Parents of Timothy Piazza: Penn State Greek life reform "a good start"
New oversight measures are now in effect for Greek life organizations at Penn State University. They were implemented in response to the death of Timothy Piazza in February. Prosecutors allege the sophomore was hazed into drinking excessive amounts of alcohol at a party. Piazza's parents pushed Penn State to make changes.
"I think they're a good start. We've been in contact with President Barron for the past six months about proposals that they need to implement, and many of the proposals they've put forth are our suggestions. But there's still more that they need to do," father Jim Piazza said, sitting alongside mother Evelyn, in an interview you'll see only on "CBS This Morning." "They really haven't implemented a lot of them yet, and at the end of the day, they need to implement and more importantly enforce."
With the fall semester underway, Penn State President Eric Barron is implementing more than a dozen reforms to Greek life at the school. The university will take responsibility for oversight and discipline of fraternities and sororities. Social restrictions addressing alcohol use will remain in place as well as a no-tolerance policy for hazing.
"It can't happen to anybody else. It's just too awful," Evelyn said.
"We have a big stake in this. This is part of Tim's legacy. We have to make a difference," Jim added.
While they are "happy" Penn State has taken responsibility for the lack of oversight and disciplinary actions, they said they are still concerned.
"They have the same people involved and those people were ineffective, so I'm concerned about that," Jim said.
Preliminary hearings are underway for members of the now-closed Beta Theta Pi frat house. Eighteen of them are facing charges in connection to the death of sophomore Timothy Piazza.
Piazza died following an initiation ceremony that involved heavy drinking. He fell down a flight of stairs and hit his head repeatedly, often in view of his fraternity brothers. No one called for help until the following morning.
"We have a friend who's unconscious," a man could be heard saying on a 911 call.
During hearings in July, the prosecution presented apparently incriminating text messages sent from some of the frat brothers.
"I don't want to go to jail for this," wrote one member.
"The boys themselves knew what they did. The texts admit right after, before he even passes away. They say it's because of the hazing, it's because of the drinking, they caused this, we should have called 911," Centre County District Attorney Stacy Parks Miller said.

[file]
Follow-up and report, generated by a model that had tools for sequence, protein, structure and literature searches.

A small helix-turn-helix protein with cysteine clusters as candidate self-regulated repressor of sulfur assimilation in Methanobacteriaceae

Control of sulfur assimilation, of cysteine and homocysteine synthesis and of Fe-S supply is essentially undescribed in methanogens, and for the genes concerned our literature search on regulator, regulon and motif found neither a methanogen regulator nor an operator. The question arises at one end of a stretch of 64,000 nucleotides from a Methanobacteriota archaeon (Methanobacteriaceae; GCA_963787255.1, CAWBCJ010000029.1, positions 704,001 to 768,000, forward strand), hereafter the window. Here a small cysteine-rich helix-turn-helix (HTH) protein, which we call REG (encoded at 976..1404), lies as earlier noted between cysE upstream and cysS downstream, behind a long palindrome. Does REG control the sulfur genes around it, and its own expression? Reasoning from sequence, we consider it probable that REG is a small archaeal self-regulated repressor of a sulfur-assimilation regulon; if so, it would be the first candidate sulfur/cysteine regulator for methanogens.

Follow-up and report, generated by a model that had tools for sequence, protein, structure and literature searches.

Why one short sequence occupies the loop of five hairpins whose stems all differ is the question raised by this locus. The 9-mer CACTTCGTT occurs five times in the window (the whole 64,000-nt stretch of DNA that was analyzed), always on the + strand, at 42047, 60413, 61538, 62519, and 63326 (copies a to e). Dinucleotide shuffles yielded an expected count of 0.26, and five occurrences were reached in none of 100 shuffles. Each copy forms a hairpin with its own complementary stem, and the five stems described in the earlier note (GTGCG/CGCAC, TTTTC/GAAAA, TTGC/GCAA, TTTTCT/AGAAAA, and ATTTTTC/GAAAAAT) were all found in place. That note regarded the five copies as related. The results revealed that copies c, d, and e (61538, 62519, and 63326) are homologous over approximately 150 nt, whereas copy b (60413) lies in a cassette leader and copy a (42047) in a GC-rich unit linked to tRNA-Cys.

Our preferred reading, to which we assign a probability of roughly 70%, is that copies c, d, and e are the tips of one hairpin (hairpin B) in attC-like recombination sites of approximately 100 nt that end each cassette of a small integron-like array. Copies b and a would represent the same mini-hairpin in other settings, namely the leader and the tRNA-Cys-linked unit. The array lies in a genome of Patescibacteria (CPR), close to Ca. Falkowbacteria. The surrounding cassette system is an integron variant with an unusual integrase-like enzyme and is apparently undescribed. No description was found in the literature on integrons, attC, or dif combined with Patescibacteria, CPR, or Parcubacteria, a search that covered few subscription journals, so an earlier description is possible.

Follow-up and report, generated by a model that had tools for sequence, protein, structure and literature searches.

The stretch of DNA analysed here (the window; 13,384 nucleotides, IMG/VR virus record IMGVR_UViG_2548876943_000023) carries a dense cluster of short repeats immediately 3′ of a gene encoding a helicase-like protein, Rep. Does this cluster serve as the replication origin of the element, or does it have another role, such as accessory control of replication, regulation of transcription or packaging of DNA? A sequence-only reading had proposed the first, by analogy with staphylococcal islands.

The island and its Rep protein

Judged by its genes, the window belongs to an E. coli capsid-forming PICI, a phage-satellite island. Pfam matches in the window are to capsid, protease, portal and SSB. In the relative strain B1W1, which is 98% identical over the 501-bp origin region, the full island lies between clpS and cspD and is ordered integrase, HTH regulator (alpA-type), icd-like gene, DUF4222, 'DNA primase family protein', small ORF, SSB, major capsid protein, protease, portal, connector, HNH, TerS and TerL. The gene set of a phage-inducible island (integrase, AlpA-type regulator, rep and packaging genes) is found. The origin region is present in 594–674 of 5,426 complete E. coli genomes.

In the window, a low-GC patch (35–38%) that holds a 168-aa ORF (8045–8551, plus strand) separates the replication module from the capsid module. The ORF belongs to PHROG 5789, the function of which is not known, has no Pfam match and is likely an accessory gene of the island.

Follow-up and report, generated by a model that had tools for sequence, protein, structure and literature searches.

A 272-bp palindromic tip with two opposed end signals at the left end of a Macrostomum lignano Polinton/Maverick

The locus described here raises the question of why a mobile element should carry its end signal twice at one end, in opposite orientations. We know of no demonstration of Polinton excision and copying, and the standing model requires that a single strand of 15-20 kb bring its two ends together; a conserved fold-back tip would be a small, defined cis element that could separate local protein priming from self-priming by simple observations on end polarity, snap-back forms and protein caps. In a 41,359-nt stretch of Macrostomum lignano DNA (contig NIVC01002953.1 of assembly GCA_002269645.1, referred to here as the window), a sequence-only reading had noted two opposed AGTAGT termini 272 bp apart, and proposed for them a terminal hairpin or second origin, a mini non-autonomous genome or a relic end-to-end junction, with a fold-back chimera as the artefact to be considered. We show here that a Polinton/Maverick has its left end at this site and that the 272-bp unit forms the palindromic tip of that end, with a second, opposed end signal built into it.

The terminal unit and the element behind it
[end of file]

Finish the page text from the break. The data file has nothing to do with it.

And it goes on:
But lawyers for the 16 defendants who appeared at the preliminary hearing claim the evidence doesn't warrant a trial. Some argue the brothers didn't force Piazza to drink and can't be held responsible for knowing the difference between intoxication and serious injury.
"I think it's just an absurd statement," Jim said. "I mean, he wanted to be part of this club. They fed significant amounts of alcohol into him. Your judgment immediately starts to go sideways, and they continued to force alcohol on him and all the other pledges."
Two of the brothers waived their right to a preliminary hearing.
The Piazzas agreed to watch surveillance video of the incident only if they watched it with the university president and the trustees.
"I only wanted to do that so they would do it, so they could see the severity of what happened, and we want them to watch it. We personally do not want to watch it, but if they make us, we will. But they need to watch it so they can implement these changes," Jim said.
Jim and Evelyn said they dropped off their older son at Penn State this past weekend. "We just couldn't stick around. It was hard knowing we should have been bringing two kids back," Evelyn said.
To parents who are sending their children off to college this fall, the Piazzas had this advice:
"Go in with your eyes open. Talk to your kids. This could happen to anybody. If it happened to Tim, it could happen to anybody," Evelyn said. "And if it doesn't feel right, if something makes you feel uncomfortable, if you feel pressured, don't do it. You're not invincible. You're so important to somebody somewhere."
"I also encourage all the parents that if they hear something, that they should also speak up and say something," Jim said. "We've heard a lot of stories about severe hazing at Penn State now from a lot of people. Some have written letters to the president, others just let it go. You need to speak up."
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